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Old October 25th, 2002, 02:55 PM   #1
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Inependent Audio Setup - Notebook PC HD or DAT?

I am trying to figure out what type of independent audio setup makes the most sense for documentary shooting (mostly inside interviews and narrative voice overs). This is for a PBS-level broadcast quality project.

I am particularly intrigued by the idea of using my notebook computer with some kind of pre-amp/mixer and a high quality shotgun mic. My biggest question is can this achieve the sound quality of DAT which seems to be the best alternative for high quality.

The only preamp/mixer that will feed into my notebook that I am aware of is the USBpre (www.usbpre.com), are there others or could this deliver DAT quality to my hard drive?

Also, anyone know how much *uncompressed* audio recording time I could get per gigabyte of hard drive space?

Thanks!
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Old October 26th, 2002, 09:58 PM   #2
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The USBPre is capable of very high quality audio. If used in 24bit mode it should be sufficient for the type of work your proposing. The S/PDIF output can go to a DAT as a backup. This page shows you the data rates for audio.http://www.usbpre.com/datarates.htm Depending on the quality you desire your going to be between 10 to 33 MB per minute of audio.

Jeff
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Old October 26th, 2002, 11:32 PM   #3
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Jeff, thank you! That is excellent news.

It looks like (from the link you posted) that a dedicated USB 1.1 slot can handle USB Pre's maximum quality signal of PCM 24-bit/96k stereo. Am I correct in assuming that since the analog to digital conversion occurs in the USB Pre that the data transfer (in digital) from USB Pre to the Hard Drive will occur with no quality loss at all?

I have also read that the 16-bit/44.1k in the pd150 and comparable camcorders is somewhat misleading because of the cheap components used, thereby producing noise and other problems that can be overcome within the 16-bit/44.1k range. Do you have any idea if the USB Pre is built with higher quality components such that if it is recording in 16-bit/44.1k it will have a higher quality sound than a pd150 or XL1s?

And finally, if I record on the max quality (24-bit/96k), can I bring that into the NLE timeline and sync it up as is with max audio quality, then when it writes to DVD will just become 16-bit/44.1k? Or do I need to record in 16-bit/44.1k if I plan to edit in an NLE and ultimately write to DVD (for personal distribution) or tape (for broadcast master)?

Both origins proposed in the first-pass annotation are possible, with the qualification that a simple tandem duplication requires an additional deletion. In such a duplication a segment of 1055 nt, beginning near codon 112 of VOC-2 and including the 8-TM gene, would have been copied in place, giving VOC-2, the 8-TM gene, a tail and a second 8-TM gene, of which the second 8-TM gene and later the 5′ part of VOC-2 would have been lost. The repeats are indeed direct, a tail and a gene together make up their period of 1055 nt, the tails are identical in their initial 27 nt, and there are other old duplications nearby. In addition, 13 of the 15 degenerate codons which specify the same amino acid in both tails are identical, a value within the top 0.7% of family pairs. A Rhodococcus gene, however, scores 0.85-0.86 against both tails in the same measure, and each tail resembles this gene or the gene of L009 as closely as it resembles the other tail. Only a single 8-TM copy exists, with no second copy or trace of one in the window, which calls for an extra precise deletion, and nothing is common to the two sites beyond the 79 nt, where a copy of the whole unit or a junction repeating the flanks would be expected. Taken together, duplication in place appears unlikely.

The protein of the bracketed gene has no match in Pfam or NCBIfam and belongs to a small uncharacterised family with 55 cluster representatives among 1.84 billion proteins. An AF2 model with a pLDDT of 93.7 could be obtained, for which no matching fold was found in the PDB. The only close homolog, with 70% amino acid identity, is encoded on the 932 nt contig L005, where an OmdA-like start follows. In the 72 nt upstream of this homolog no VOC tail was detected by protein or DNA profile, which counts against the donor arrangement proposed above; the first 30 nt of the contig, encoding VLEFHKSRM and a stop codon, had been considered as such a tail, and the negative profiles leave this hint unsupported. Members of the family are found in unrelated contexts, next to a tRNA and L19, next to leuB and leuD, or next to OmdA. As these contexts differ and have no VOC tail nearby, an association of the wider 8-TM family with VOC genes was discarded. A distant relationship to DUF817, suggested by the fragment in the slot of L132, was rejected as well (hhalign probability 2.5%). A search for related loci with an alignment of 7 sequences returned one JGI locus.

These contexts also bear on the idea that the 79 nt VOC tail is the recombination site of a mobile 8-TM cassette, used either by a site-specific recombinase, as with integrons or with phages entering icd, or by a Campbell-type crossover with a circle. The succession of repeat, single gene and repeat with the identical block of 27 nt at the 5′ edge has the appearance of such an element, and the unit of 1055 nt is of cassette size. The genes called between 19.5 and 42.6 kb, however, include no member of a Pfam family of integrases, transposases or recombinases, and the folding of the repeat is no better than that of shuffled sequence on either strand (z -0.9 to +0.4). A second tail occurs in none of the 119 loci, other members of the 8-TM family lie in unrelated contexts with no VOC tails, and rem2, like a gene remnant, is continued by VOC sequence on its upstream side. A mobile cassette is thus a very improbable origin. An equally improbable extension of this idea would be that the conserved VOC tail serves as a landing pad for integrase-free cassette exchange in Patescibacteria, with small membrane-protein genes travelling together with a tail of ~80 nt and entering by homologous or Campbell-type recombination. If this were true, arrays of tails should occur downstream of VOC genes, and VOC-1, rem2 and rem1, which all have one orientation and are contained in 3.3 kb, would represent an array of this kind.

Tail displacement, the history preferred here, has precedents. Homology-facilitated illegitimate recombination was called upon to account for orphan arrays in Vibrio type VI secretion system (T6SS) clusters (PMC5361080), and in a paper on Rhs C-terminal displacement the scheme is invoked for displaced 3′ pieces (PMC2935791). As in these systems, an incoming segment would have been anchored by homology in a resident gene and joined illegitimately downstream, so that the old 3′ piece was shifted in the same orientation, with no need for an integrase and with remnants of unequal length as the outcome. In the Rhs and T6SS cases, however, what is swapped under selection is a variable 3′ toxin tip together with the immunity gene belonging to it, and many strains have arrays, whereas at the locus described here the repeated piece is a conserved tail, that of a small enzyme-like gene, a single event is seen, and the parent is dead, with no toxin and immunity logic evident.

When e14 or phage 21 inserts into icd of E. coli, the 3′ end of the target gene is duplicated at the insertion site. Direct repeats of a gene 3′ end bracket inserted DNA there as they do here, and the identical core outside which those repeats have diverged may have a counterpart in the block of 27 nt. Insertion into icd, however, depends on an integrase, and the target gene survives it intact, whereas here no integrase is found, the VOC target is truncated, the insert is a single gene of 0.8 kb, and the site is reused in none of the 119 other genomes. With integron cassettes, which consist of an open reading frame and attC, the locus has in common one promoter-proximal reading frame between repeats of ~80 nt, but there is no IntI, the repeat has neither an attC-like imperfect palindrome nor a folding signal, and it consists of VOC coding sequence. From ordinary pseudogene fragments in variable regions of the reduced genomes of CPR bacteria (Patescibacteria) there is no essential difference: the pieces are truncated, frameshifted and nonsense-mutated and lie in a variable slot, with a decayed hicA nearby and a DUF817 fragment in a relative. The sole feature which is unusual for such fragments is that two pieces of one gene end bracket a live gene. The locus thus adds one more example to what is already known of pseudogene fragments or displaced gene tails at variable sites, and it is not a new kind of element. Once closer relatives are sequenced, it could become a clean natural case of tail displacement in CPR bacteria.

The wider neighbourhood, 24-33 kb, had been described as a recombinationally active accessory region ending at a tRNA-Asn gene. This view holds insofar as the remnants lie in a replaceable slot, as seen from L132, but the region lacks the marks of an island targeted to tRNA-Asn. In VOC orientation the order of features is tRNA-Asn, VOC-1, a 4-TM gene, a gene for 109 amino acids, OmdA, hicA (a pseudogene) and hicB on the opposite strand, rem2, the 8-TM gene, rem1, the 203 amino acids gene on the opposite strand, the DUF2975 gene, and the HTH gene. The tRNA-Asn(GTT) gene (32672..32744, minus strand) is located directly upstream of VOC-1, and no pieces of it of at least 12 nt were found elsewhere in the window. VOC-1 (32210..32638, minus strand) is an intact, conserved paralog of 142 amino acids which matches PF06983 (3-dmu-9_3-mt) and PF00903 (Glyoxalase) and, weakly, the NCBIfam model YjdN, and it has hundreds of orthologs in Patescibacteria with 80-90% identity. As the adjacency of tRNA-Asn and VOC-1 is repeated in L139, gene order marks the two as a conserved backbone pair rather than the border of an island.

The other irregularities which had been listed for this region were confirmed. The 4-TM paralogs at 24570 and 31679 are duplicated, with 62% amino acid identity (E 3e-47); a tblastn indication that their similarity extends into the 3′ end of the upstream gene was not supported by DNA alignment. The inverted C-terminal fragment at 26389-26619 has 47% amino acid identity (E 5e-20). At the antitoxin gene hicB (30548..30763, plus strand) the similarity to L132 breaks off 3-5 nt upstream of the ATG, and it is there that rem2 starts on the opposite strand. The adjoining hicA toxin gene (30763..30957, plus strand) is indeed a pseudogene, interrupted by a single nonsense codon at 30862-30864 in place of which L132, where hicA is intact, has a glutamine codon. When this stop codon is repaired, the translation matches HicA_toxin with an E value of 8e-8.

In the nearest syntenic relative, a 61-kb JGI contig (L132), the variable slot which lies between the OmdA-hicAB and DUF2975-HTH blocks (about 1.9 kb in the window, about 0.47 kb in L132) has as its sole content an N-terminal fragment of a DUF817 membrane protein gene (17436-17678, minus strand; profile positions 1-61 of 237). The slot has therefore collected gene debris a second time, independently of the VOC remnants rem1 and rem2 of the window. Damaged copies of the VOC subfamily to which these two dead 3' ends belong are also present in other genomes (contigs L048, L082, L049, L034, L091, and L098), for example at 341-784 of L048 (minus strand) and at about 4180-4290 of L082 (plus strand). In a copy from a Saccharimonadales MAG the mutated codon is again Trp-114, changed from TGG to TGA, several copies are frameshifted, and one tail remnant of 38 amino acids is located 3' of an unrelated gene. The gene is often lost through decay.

Just want to get the max quality sound -- I hear that some broadcaster have very high standards for audio. Thanks a ton!
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Old October 27th, 2002, 12:55 AM   #4
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Quote:
And finally, if I record on the max quality (24-bit/96k), can I bring that into the NLE timeline and sync it up as is with max audio quality, then when it writes to DVD will just become 16-bit/44.1k? Or do I need to record in 16-bit/44.1k if I plan to edit in an NLE and ultimately write to DVD (for personal distribution) or tape (for broadcast master)?
most NLE programs will downconvert to the type of project you have open. I am fairly sure some like vegas video being a native sound program will allow you to edit with totally uncompressed audio, then downcovert to a compatible format to what you are exporting too.

don't be mislead by the 'digital' thing, especially when it comes to audio. Just because it is digital does not make it suddenly better. There is ALWAYS a loss when going from analog to digital, just whether it is audible (which most people would never know unless they had the original source there, and still most can not tell) is another story.

Remember one form is a pure soundwave that is being recorded, the other is an interperated digital bit, that is sampling. 24 bit is far far better at masking this as it almost has enough sampling to replicate an analog source.

The reasoning people equate digital with better comes from 2 different sources.
1. marketing, everything digital must be better due to hype.
2. it is far easier and cheaper to receive a better result with digital than with analog, but that still dosn't make it better, just easier for most.

There is a reason nearly all top recording artists are going or have gone back to analog equipment from the early 1980's, because simply it has far great range and fidelity. But to put it simply, a well pressed record will kill the same record mastered on a cd, but to achieve that you would need to spend at least 20x as much on the equipment vs plugging in a $200 cd player.

Anyways that was my rant, because i am getting a little tired of the assumption that digital must= better especially with sound, if i could have my choice i would have a good 24 track master tape recording deck with my always on set, the sound that can achieved in those is something that really is amazing. But the size and cost makes it impossibe.

kermie